The University of Miami Law School faces controversy over how to deal with racist comments against white students – objections to double standards at the university. Anti-white commentary is becoming increasingly common in the media, including a recent column by Elie Mystal writer for Above the Law and the nation’s judicial correspondent who opposed and sought to defeat “white society” To keep “white free”. Living in the Pandemic. Miami Law School has remained silent in the face of complaints filed against student Jordan Gary after publicly posting her comments on Instagram.
Gary publicly stated that she “hate[s] Whites ”and noted that“ people always tell me that hate is such a strong word. And yes, but those are some strong ass stories I’ve heard. And until I can figure out how to balance that in my head and heart, I hate white people. “According to their LinkedIn page, Gary is the President of the Black Law Students Association and the Editor for the Review of Race & Social Justice Law at the University.
Conservative sites asked Miami’s dean for comment, but there was no public statement even after the complaints were filed.
The issue of anti-white commentary raises an issue so sensitive that few universities are willing to discuss it openly. As many on this blog won’t surprise, my default setting remains free speech, especially comments made on social media outside of a school. This does not mean that schools should not denounce intolerant or racist language. However, these comments are linked to a number of personal, social, and political issues for students like Gary. I would rather discuss these views than try to punish their expression.
The free speech community is always concerned not only with the punishment of viewpoints, but also with any differentiated or biased punishment. There’s no question that a white Miami student would say, “I hate [black] People “would be immediately and publicly denounced – and probably immediately suspended. If there is a difference between anti-white and anti-black comments it should be clarified and discussed.
In posting the comments, Gary was clearly encouraging a public debate – a debate that could have some positive elements in getting different groups and races to reflect on racial beliefs and the protection of free speech.
Obviously, Gary isn’t the only one who expresses such views. Mystal’s column shows the same broad characterization of whites. He writes:
“In the past year, of course, I still had to interact with white people on Zoom, or see them on TV, or worry about whether they would manage to re-elect a white supremacist president. Your cops don’t chase me when I’m driving my neighborhood; Your problems don’t bother me (or threaten me) with just trying to do a few purchases.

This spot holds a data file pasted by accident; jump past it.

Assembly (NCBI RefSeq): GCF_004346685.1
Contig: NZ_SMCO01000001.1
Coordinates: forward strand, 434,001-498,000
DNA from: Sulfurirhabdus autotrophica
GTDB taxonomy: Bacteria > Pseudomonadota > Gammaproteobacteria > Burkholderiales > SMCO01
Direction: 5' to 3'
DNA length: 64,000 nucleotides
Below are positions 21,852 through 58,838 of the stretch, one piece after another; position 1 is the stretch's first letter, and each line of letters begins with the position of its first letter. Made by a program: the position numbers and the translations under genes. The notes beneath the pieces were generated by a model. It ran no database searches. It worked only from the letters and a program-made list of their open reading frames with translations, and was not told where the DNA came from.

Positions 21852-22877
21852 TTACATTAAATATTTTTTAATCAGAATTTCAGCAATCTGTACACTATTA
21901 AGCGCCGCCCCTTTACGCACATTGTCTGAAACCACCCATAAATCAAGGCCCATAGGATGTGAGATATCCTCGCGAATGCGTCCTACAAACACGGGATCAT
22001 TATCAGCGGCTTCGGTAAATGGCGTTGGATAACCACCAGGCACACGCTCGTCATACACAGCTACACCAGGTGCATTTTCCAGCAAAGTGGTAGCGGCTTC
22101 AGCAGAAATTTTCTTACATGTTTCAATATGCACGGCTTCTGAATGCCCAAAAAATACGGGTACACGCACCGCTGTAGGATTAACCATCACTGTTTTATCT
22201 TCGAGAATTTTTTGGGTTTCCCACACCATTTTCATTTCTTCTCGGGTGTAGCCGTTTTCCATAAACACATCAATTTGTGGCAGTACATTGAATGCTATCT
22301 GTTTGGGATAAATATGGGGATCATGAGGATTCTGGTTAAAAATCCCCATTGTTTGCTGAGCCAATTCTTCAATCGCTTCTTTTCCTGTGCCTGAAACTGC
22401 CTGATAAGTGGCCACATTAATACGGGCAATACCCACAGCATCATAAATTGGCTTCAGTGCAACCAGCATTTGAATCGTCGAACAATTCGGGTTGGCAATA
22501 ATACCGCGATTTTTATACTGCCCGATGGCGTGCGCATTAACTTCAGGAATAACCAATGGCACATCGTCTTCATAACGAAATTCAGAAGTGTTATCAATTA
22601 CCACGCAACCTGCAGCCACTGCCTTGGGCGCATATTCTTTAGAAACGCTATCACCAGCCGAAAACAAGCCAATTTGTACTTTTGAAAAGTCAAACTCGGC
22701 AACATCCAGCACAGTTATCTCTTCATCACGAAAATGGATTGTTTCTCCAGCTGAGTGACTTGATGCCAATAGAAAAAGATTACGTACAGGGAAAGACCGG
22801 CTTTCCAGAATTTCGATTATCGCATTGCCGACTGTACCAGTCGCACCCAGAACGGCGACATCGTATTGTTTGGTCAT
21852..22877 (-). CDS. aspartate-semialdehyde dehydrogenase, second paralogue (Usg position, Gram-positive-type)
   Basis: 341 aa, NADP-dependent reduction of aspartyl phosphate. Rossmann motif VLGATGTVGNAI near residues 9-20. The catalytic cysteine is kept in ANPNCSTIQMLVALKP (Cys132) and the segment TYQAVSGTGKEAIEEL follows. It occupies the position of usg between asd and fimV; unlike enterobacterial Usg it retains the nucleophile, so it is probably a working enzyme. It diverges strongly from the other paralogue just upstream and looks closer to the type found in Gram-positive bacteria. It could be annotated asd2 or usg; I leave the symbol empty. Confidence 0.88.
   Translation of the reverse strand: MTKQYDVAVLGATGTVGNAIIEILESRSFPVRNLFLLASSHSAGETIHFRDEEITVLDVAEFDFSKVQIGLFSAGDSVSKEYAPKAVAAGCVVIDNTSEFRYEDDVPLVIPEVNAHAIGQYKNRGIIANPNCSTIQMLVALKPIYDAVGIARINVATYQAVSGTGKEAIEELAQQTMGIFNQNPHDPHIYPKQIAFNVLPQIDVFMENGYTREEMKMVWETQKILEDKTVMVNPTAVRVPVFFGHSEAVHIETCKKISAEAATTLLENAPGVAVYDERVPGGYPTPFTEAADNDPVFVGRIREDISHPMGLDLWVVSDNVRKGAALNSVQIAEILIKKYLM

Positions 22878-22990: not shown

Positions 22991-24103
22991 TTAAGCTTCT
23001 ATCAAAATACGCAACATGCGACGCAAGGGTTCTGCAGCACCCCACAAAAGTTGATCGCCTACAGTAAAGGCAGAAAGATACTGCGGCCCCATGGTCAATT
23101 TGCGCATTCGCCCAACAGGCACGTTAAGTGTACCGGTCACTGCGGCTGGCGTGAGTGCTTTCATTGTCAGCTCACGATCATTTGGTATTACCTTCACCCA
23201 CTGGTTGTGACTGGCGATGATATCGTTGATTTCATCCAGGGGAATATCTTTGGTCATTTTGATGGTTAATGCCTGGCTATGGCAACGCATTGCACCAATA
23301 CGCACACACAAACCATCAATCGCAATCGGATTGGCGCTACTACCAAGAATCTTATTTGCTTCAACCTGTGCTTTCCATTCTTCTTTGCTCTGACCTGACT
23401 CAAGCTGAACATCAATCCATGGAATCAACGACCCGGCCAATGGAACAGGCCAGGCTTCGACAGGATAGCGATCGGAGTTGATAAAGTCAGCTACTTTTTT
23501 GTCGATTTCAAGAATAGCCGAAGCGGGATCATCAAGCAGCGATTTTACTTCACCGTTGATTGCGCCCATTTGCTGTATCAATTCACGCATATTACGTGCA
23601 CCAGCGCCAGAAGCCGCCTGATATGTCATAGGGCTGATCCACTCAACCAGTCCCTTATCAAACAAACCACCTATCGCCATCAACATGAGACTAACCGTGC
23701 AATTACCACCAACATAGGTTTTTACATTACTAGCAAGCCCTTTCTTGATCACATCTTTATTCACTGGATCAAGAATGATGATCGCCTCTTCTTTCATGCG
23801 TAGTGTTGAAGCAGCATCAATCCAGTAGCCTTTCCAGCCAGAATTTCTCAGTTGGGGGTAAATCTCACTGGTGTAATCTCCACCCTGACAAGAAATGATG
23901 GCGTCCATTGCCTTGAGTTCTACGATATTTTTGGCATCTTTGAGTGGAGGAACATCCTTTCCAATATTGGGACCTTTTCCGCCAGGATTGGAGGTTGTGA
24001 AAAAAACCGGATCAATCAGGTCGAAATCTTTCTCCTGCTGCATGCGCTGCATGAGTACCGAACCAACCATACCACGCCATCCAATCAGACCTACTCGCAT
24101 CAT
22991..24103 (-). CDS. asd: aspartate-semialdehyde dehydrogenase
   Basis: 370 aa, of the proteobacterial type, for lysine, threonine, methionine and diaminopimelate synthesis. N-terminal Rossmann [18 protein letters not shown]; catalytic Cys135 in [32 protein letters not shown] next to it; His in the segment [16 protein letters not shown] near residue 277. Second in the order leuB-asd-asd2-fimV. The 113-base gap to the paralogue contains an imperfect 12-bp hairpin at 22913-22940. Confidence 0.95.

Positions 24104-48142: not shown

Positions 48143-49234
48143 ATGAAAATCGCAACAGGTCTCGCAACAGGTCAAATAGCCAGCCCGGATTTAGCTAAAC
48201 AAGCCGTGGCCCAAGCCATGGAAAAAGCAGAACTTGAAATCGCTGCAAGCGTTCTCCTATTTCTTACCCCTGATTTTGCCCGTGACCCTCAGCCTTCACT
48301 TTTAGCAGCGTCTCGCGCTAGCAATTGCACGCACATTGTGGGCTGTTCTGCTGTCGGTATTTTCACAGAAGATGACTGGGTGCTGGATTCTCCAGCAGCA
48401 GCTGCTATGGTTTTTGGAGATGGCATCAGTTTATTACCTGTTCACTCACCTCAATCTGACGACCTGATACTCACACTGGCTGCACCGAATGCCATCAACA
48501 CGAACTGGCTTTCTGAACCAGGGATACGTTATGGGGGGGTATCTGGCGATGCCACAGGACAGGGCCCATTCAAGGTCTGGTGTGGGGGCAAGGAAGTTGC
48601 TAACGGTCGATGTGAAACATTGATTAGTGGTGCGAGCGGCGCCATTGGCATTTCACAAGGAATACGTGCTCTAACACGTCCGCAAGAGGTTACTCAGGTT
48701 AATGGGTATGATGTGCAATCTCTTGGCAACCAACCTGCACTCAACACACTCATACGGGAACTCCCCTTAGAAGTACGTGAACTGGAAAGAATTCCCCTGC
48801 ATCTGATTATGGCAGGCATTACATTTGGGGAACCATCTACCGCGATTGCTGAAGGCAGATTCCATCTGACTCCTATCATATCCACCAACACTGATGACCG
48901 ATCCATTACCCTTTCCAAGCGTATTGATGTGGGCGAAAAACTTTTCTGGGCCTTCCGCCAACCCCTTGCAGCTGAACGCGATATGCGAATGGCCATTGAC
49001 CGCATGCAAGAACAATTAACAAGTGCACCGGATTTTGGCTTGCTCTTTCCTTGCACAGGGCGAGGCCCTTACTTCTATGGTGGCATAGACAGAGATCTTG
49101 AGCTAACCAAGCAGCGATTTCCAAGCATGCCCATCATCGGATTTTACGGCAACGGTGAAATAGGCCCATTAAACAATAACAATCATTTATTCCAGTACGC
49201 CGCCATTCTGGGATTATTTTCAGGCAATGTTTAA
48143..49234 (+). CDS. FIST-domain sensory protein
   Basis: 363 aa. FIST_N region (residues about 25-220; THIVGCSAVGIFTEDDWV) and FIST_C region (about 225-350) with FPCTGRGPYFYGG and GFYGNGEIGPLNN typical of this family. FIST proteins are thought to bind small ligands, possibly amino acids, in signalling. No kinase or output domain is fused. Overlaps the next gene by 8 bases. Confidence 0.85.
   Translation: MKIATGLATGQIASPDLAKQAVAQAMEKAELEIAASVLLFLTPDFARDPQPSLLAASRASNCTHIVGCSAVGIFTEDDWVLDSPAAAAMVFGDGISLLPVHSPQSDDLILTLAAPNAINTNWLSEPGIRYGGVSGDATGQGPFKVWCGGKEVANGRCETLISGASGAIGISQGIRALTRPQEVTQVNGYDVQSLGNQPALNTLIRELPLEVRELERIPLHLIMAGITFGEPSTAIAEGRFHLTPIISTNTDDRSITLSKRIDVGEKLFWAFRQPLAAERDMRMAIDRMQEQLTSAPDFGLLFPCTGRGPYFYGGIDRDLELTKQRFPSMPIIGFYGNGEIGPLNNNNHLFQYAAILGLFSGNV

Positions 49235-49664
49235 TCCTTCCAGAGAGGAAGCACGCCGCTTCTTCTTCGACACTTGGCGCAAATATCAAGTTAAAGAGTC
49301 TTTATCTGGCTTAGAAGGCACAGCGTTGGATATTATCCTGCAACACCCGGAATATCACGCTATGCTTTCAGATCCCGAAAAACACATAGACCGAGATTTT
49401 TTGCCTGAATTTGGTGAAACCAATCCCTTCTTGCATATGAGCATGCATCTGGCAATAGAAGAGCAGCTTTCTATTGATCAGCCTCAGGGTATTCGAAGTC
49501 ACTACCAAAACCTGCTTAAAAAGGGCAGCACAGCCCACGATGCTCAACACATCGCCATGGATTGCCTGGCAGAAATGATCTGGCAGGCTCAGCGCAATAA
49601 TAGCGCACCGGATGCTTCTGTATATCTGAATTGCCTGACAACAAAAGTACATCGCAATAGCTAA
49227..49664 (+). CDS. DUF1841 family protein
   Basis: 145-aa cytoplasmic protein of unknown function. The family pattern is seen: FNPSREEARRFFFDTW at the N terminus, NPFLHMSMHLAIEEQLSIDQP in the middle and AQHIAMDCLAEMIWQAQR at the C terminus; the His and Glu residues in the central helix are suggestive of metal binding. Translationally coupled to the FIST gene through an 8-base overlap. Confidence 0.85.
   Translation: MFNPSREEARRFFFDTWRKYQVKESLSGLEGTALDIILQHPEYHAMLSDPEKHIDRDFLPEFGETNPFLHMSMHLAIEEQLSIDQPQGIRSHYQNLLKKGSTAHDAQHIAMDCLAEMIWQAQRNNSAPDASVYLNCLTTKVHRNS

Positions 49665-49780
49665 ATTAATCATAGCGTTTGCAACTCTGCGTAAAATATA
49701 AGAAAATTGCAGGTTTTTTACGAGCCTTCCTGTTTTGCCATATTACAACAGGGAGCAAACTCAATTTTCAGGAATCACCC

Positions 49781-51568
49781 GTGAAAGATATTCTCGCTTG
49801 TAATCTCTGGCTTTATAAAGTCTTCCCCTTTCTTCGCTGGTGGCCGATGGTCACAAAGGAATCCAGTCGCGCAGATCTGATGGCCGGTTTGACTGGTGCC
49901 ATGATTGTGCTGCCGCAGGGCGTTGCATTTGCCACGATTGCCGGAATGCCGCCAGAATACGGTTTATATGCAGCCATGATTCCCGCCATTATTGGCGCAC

… White people have not improved; I was just able to limit my exposure to them. “
In particular, Mystal was one of the loudest voices denouncing Nicholas Sandmann and continued to slam the wrongly accused students even after reports of a racist incident were exposed. In the coverage of the first report, Mystal condemned Sandmann for wearing his “racist” [MAGA] Hut ”and protested against Sandmann conducting interviews to defend himself. Mystal derided how “this 17-year-old boy is defending George Zimmerman for being denied access to a person of color”. Aside from the fact that Sandmann did not deny “access to a person of color,” Mystal and Patrice compared this student to a man accused of murdering an unarmed African American child and even attacked his efforts to use his name as a to be clarified The media continued to refer to him as a racist.
Again, Sandmann was completely innocent of the racism allegations and the Washington Post reached an agreement with him.
However, Mystal’s recent rant still shows that racist statements can reflect social, political and other experiences. Mystal admits that “not most or even a lot of my interactions with whites are ‘bad’. “However, he has deep-seated feelings about how whites interact with minorities, or what he sees as a shared sense of white privilege. Many of these speakers say that their hostility is based on experiences of racism by whites.
This brings us back to the controversy in Miami and how schools should deal with such disputes. One answer is that the approach should be the same regardless of whether the statements are aimed at one race or the other. If there is to be zero tolerance for racist statements, this must be applied consistently. If not, these schools owe clarity to their students and faculty about where the line is drawn and why some racist comments are treated differently. The silence does not bear this burden. We need to discuss whether otherwise racist statements can be differentiated and whether such differentiation represents a tolerance for criticism based on the race of others at a school. The question also arises as to how such comprehensive generalities apply to other races or other categories such as gender or sexual orientation. Today the question even arises as to whether one would like to be classified as racist or intolerant. As a result, you just keep silent and freedom of speech concerns are ignored.
Again, I tend to oppose regulation of language outside of schools for the sake of freedom of speech. More importantly, I would prefer to speak freely and collectively about such deep-seated views of the students. I realize that I have a traditional (and perhaps outdated) view of free speech. However, I still believe that the solution to bad language is more language, not language regulation.